First, to be clear: a manual translation done by native speakers will always be superior in quality. No matter how sophisticated translation APIs get, they will never quite be able to capture the subtle meanings of words or underlying values that greatly impact how people from different regions speak.
But the problem is, it’s expensive and time-consuming. Prices can range from 10-40 cents per word, which will rack up fast. And translating takes time even at that cost. Also, for certain languages, finding native speakers can be difficult.
And even if you’re doing a translation yourself, you’re looking at hours or days of extra work.
On the other hand, automatic translation is instantaneous and usually gets the job done well enough. Yet, you can’t guarantee what it’s really saying. Errors or gaps in context can lead to bizarre text and confused and unsatisfied customers.
Machine translation is certainly better than nothing if you can’t afford pricey translation fees. So, don’t shy away from it if you have no other options. A subpar translation is better than no translation at all.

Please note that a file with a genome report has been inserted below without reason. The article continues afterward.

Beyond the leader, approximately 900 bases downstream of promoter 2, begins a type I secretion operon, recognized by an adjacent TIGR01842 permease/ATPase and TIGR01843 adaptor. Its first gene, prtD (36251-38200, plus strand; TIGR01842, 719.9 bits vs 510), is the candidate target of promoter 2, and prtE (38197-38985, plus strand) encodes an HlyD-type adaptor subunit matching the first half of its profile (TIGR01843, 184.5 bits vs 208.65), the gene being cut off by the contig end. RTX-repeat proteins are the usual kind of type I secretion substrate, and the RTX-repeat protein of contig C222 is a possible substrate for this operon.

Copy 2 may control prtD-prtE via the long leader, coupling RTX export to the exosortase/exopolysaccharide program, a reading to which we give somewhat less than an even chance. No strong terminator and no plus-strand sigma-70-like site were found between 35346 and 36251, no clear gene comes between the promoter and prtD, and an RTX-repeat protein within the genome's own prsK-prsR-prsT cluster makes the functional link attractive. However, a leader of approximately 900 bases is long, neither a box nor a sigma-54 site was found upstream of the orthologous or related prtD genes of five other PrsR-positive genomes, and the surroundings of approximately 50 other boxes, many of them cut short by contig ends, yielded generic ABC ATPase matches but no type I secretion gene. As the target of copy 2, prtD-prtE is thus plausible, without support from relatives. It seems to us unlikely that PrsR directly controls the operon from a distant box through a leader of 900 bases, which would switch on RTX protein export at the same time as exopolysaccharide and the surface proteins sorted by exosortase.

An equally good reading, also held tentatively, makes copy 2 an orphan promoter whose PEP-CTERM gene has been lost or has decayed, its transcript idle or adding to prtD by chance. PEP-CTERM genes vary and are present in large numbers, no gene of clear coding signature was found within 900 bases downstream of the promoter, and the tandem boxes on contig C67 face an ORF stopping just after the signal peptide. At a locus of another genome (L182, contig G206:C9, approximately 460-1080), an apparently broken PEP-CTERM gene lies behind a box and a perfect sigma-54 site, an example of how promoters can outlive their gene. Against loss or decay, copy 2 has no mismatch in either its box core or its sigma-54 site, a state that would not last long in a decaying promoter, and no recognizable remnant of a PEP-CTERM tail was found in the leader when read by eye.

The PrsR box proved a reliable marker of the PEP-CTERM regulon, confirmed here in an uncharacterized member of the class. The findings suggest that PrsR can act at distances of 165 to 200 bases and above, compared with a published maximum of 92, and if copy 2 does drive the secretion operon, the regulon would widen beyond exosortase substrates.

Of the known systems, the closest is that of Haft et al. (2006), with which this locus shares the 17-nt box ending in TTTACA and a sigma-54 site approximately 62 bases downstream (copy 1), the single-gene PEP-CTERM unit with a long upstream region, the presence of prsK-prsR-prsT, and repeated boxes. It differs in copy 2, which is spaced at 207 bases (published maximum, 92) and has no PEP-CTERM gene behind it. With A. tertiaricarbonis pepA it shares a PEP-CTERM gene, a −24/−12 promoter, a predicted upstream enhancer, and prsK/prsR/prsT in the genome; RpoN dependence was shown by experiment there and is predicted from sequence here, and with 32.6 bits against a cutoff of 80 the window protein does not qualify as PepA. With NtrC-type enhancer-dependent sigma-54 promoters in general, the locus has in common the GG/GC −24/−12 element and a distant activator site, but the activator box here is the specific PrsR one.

However, if you’re intending to translate blog posts, ebooks, or anything literary, you should consider a manual translation. Automatic translation definitely won’t convey your intended meaning or be enjoyable to read.
How to Set Up a Multilingual Store
Ready to set up your store and get it ready for translation? Here’s a brief overview of what to do from the start. If you’ve already got WooCommerce set up (including global shipping and multiple currencies) and your theme picked out, you can go straight to the plugins section and choose one that suits you.
1. Set Up WooCommerce
In-depth instructions for how to set up WooCommerce are better covered elsewhere. However, here is a brief overview of how to get it running – and also how to prepare your WooCommerce store to handle multiple currencies and shipping to other countries.
- Install WooCommerce.
- Run through the configuration wizard. You can find by clicking the Help drop-down menu and selecting Setup Wizard if it doesn’t start automatically. Fill in the details about your business and how you want to sell.
- Continue following the setup checklist on WooCommerce > Home. This will let you add products to your store and also set up shipping and payments.
That’s the gist of things, but for international stores, a few extra steps are necessary.
To accept multiple currencies, you’ll need to enable the WooCommerce Payments plugin.
You’ll then find a new Multi-currency tab in Payments > Settings. Click Add currencies and select which ones you’d like to accept. You can edit these currencies if you wish, setting your own exchange rate or turning on price rounding.